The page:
A reader sent me the link to this New York Times story about the garden at Riker’s Island, the notorious New York prison slated to be closed. Rant readers won’t be surprised by this feel-good story about gardening, but at this time of year and especially this scary time in history, can’t we all use one?
Highlights for me:
Riker’s garden has a “remarkable track record for keeping inmates who have worked the soil there out of prison,” with one study showing that “participants in the GreenHouse program had a 40 percent lower rate of reconviction than inmates in the general prison population.”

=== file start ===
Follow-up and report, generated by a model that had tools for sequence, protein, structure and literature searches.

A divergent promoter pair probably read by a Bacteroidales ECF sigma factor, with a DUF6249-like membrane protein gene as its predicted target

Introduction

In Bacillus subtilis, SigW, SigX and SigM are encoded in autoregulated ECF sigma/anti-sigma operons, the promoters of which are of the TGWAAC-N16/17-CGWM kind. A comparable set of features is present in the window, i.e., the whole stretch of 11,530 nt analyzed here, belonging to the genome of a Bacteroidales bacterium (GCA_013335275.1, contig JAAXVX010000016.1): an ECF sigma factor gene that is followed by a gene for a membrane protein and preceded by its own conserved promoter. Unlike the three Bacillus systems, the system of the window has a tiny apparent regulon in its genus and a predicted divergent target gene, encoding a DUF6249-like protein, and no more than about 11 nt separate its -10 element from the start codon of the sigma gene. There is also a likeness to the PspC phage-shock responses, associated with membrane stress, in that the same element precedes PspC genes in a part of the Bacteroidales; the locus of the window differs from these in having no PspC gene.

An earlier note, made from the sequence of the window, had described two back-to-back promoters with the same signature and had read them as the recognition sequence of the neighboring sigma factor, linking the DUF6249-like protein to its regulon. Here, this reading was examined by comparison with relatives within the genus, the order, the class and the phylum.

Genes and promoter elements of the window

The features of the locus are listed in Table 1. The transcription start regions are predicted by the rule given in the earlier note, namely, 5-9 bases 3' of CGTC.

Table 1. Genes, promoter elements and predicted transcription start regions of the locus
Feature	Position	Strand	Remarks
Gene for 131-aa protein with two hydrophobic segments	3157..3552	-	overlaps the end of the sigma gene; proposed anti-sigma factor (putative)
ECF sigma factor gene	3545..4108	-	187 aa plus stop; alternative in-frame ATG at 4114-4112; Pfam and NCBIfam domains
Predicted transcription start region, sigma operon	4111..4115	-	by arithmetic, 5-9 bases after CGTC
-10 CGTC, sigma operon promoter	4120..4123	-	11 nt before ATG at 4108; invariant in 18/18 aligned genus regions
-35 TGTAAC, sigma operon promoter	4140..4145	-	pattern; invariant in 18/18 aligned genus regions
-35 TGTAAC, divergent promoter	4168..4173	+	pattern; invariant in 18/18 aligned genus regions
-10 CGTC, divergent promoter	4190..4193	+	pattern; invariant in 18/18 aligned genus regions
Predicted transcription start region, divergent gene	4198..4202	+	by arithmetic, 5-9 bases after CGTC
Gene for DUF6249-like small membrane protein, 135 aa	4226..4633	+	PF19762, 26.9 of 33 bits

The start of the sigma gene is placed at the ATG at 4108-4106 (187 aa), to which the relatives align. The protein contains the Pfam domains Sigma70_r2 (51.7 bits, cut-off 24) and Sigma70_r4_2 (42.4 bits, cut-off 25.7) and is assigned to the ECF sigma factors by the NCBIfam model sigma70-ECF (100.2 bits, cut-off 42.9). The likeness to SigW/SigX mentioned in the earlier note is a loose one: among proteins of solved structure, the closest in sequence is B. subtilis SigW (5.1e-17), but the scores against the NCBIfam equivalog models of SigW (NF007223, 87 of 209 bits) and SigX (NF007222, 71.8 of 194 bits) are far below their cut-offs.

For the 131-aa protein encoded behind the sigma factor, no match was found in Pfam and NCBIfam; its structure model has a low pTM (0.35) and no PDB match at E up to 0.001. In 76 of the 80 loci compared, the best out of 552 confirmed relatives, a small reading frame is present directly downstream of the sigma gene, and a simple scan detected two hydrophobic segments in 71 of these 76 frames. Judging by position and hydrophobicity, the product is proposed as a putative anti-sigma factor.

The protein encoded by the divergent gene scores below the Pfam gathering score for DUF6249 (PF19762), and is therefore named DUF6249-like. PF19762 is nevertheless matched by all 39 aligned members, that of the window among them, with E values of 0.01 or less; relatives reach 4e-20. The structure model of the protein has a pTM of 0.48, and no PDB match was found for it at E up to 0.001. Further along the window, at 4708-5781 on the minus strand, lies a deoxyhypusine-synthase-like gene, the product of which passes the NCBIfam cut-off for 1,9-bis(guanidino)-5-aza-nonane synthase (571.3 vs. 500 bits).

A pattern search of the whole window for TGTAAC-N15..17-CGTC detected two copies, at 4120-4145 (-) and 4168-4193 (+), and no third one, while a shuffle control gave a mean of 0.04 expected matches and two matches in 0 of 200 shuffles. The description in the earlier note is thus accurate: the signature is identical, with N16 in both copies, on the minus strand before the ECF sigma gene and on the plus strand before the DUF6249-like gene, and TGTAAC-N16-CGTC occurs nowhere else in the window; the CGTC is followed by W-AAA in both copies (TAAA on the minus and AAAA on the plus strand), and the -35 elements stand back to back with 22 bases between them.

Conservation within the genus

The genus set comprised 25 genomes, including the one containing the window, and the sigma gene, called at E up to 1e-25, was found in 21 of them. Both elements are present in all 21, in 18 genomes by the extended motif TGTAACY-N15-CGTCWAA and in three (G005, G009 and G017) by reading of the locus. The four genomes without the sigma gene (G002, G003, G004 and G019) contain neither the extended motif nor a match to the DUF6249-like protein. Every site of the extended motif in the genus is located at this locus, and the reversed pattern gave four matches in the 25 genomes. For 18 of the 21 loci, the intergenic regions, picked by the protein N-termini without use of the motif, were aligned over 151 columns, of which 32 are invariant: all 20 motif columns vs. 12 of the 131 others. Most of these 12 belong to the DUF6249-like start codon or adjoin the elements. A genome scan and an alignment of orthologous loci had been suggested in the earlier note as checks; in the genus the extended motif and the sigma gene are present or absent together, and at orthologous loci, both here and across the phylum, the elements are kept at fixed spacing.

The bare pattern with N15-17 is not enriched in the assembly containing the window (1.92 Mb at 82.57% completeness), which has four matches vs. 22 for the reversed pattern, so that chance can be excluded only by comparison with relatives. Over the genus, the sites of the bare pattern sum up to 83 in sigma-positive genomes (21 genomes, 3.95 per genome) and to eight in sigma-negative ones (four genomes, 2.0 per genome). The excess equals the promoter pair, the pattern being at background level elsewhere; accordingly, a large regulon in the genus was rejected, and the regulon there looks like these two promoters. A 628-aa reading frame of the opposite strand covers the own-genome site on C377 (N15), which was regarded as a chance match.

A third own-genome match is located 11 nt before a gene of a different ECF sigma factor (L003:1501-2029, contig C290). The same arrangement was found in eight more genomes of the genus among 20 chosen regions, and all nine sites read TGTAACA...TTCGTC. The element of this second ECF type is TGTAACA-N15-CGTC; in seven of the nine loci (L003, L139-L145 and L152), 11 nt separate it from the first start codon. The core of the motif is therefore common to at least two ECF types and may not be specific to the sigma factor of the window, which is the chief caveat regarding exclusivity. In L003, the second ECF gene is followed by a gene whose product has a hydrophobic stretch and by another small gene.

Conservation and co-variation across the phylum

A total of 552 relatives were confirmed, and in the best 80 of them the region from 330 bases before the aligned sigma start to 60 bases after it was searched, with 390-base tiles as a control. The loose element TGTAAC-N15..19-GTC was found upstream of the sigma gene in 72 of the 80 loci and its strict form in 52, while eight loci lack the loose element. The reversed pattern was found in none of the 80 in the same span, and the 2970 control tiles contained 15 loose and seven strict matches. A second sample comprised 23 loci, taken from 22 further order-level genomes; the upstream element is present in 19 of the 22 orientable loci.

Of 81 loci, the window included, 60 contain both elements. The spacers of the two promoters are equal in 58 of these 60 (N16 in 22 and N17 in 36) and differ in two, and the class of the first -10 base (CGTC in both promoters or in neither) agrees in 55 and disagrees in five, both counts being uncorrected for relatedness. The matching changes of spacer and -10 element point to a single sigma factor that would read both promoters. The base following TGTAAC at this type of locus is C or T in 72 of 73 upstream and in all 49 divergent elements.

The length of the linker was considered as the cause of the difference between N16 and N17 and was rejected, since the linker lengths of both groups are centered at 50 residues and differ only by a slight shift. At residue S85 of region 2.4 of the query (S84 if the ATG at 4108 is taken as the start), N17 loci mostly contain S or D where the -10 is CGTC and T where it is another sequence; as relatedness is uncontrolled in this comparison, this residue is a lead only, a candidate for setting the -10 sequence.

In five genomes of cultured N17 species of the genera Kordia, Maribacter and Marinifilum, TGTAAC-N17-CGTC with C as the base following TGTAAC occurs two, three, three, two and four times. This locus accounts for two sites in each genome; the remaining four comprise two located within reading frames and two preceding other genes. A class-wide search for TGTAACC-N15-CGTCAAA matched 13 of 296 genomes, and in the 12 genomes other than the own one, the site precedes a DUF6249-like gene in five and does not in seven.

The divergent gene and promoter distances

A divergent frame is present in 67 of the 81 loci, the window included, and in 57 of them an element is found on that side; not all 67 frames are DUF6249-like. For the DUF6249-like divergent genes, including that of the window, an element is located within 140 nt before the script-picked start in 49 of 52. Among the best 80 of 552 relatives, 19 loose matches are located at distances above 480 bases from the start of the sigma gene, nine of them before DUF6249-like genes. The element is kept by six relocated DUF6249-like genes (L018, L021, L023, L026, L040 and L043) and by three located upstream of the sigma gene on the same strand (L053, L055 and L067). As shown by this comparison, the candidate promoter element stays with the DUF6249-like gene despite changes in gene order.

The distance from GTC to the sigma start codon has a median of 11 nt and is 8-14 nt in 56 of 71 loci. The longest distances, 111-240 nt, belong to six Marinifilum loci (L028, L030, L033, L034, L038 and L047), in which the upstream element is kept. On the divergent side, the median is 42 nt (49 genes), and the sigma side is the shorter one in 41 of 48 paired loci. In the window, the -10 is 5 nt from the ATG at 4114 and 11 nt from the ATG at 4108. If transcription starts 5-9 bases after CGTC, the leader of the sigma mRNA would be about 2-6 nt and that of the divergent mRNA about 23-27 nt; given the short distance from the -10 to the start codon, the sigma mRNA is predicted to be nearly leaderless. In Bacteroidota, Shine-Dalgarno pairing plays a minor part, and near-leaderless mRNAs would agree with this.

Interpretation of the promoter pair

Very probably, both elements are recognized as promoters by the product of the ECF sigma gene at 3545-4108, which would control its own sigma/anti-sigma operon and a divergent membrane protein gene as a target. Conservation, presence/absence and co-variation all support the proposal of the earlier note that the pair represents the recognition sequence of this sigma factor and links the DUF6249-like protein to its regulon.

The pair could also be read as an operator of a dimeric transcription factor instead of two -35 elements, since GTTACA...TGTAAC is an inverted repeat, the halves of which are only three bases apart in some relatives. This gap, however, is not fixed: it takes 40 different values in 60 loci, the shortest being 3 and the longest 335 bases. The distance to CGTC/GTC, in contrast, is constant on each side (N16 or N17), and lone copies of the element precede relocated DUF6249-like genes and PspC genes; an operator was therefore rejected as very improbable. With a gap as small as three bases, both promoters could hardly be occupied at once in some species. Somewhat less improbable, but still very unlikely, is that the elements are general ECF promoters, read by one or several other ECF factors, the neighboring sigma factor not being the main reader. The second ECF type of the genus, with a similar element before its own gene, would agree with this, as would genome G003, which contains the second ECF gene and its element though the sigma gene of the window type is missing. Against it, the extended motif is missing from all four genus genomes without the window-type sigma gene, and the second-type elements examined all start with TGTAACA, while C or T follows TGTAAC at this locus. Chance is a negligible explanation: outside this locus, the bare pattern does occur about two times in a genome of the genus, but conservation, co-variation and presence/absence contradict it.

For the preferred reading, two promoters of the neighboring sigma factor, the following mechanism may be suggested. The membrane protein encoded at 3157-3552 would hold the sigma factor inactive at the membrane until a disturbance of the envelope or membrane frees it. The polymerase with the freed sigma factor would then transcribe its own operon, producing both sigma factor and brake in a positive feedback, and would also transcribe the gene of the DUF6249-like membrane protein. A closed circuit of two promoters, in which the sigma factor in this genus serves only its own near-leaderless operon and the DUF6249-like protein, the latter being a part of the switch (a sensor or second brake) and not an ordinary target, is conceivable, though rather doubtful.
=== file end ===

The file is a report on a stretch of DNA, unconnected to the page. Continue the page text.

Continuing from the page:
And one prison gardener’s experience:
“I didn’t like dirt, I didn’t like bugs,” he said as he prepared some flowering echinacea for a circular bed. “But I gave the garden a chance, and it’s like crazy, I fell in love with it.” He says that he especially enjoys pruning the roses. “It’s a thinking job, it’s like a puzzle,” he said. “You need to figure out what bad stuff to cut out to get the good stuff to grow.” Mr. Cruz now spends 20 hours a week there.
Interestingly, “the focus of the garden shifted from vocational training to life skills: self-care, nutrition, teamwork, personal responsibility.”
Along those lines, we learn about the Insight Garden Program, “which combines gardening with mindfulness training. It operates in California’s San Quentin prison and 13 other facilities nationwide.” Wow.